Angels Camp Third Annual Gold Rush Day
Angels Camp, California
October 18, 2014
The history of Angels Camp is the history of California and the history of westward expansion.
We don’t celebrate westward expansion these days as we did a generation ago, but we ought to.
It was the pioneers who took Horace Greeley’s advice to go west and grow with the nation; who braved unimaginable perils to answer that call; who built towns like Angels Camp; created enterprises like the Angels Foundry; who cultivated the land, harvested the resources and carried American Constitution to the Pacific Ocean – it was these pioneers of the 19th Century who grew the American nation to become the guardian of world freedom and justice in the 20th Century and who have now brought us here to this place and time in the 21st Century.
The history of California Electric Steel – the Angels Foundry – is our history in microcosm.
160 years ago, Andy Gardinier and J.M. Wooster came here as blacksmiths. Wooster soon created the Altaville Foundry to forge implements in desperate demand in the mines. In 1915, this enterprise, created from nothing on the frontier, installed an electric arc furnace – one of the first in the country.
Today, that same foundry, started as an afterthought to a blacksmith’s shop, ships specialized, state-of-the-art products not only across the United States, but throughout the world.
It is the entrepreneurial vision and zeal of the founders and their successors – made possible by free enterprise – that built this foundry and built this nation – and created the prosperity we grew to take for granted.
The great question for us to consider today on this occasion is this: Will we will continue the path to greatness that the pioneers we celebrate today set us upon, rediscover those uniquely American principles of individual liberty, constitutionally limited government and personal responsibility that made America the happiest and most prosperous society in the history of mankind, put freedom back to work, and deliver to our sons and daughters the legacy we celebrate today.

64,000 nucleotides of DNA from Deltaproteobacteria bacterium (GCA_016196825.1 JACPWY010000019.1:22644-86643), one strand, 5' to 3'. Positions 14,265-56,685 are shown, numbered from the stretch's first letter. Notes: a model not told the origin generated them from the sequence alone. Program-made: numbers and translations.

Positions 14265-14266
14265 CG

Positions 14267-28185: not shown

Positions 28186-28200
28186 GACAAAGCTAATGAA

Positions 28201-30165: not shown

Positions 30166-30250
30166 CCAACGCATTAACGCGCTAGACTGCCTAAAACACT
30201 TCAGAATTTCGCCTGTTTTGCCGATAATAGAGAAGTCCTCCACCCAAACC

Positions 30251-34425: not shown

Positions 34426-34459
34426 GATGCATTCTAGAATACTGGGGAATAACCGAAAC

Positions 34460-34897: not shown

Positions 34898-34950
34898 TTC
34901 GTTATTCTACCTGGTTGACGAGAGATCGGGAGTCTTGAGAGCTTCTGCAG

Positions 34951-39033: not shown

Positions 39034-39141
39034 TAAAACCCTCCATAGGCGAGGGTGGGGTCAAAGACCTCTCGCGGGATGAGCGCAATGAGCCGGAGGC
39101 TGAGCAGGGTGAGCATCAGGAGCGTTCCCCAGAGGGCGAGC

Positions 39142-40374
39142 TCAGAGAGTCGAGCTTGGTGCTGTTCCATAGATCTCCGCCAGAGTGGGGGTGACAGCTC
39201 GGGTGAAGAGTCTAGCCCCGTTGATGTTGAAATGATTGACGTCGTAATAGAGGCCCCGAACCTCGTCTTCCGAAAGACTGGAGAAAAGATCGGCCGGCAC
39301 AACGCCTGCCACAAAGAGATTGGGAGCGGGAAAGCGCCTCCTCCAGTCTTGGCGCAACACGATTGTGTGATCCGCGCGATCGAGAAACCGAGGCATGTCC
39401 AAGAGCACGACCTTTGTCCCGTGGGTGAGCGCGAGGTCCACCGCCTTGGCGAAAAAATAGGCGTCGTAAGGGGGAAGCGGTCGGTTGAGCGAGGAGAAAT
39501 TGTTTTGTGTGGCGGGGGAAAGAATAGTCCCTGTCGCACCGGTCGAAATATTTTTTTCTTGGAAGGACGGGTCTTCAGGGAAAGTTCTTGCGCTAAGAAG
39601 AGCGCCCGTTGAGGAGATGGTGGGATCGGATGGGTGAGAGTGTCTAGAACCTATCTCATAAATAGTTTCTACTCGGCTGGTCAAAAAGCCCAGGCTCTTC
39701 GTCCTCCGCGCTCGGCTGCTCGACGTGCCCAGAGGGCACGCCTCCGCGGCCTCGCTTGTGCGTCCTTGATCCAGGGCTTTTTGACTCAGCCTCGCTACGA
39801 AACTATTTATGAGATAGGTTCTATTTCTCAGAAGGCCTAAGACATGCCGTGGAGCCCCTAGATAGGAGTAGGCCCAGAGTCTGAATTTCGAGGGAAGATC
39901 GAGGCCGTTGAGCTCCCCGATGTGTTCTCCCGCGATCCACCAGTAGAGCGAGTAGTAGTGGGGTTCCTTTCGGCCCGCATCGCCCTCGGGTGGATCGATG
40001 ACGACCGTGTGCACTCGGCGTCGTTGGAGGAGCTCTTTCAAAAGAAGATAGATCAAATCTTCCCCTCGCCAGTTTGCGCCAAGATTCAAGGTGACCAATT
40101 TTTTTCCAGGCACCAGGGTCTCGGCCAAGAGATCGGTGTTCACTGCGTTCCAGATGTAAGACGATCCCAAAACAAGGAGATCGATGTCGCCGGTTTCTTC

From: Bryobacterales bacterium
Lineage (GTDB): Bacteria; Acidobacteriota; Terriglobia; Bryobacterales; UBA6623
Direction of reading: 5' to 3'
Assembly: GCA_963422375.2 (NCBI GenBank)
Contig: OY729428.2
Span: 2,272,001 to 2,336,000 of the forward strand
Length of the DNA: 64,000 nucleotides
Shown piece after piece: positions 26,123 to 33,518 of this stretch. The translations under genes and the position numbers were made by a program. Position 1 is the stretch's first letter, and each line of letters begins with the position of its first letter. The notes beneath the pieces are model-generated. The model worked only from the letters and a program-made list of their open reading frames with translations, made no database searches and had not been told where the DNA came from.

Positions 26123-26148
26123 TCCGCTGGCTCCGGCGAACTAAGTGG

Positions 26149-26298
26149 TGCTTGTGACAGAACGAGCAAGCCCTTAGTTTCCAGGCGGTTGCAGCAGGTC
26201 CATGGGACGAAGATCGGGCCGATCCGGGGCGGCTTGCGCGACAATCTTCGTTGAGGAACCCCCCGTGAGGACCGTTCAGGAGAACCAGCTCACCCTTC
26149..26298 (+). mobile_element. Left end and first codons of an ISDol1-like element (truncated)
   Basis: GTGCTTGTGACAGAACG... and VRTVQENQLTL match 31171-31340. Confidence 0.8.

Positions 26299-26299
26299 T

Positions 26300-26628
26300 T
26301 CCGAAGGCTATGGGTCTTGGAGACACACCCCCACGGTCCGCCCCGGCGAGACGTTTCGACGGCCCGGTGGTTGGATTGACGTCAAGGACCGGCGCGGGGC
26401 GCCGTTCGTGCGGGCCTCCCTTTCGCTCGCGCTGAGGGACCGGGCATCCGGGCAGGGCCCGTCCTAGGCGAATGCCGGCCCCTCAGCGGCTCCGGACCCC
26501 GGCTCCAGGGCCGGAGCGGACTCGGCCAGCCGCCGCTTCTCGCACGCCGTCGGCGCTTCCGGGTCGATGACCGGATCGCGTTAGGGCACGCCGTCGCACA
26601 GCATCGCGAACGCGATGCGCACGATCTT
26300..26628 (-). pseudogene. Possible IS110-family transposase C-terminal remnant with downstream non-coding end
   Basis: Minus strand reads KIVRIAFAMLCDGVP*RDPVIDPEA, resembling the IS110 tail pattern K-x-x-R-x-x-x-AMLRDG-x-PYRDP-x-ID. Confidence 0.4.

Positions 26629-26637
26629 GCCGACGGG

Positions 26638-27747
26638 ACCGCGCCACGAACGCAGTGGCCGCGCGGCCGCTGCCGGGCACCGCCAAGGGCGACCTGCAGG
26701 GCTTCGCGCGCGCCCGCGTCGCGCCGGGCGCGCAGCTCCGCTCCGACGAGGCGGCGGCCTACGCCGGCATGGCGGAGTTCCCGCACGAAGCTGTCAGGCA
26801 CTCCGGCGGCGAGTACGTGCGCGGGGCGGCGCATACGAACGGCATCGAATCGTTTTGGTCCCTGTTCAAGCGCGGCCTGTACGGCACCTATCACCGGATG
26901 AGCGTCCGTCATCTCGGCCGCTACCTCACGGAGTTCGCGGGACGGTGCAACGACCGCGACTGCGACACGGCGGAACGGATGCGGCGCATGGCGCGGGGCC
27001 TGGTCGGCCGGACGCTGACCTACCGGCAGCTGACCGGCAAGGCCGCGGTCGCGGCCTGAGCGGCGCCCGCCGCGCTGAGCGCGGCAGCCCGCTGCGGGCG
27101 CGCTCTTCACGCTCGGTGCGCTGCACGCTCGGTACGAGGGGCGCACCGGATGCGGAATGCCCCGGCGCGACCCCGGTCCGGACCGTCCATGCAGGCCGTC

Or will we will abandon those principles and thereby surrender the freedom and prosperity which we inherited from our forbearers like Andy Gardinier and J.M. Wooster.
Writing to John Adams late in life, Thomas Jefferson reflected on the blessings of liberty their generation had secured for their posterity. He said, “Yes, we did create a near perfect union, but will THEY keep it, or will they, in the enjoyment of plenty, lose the memory of freedom. Material abundance is the surest path to destruction.”
Our generation’s answer can be found right here today. As long as Americans like all of you come to events like this today, in celebration of the principles that built our nation, I have no doubt that when this chapter of our history has been written, it will be recorded that just when it appeared these principles would be lost and the American nation would slowly fade away – this generation rediscovered them, revived them, and passed them on hearty and inviolate to the generations that followed.
And if we do that on this 160th anniversary of the Angels Foundry – imagine what our descendants will have to celebrate 160 years from now.
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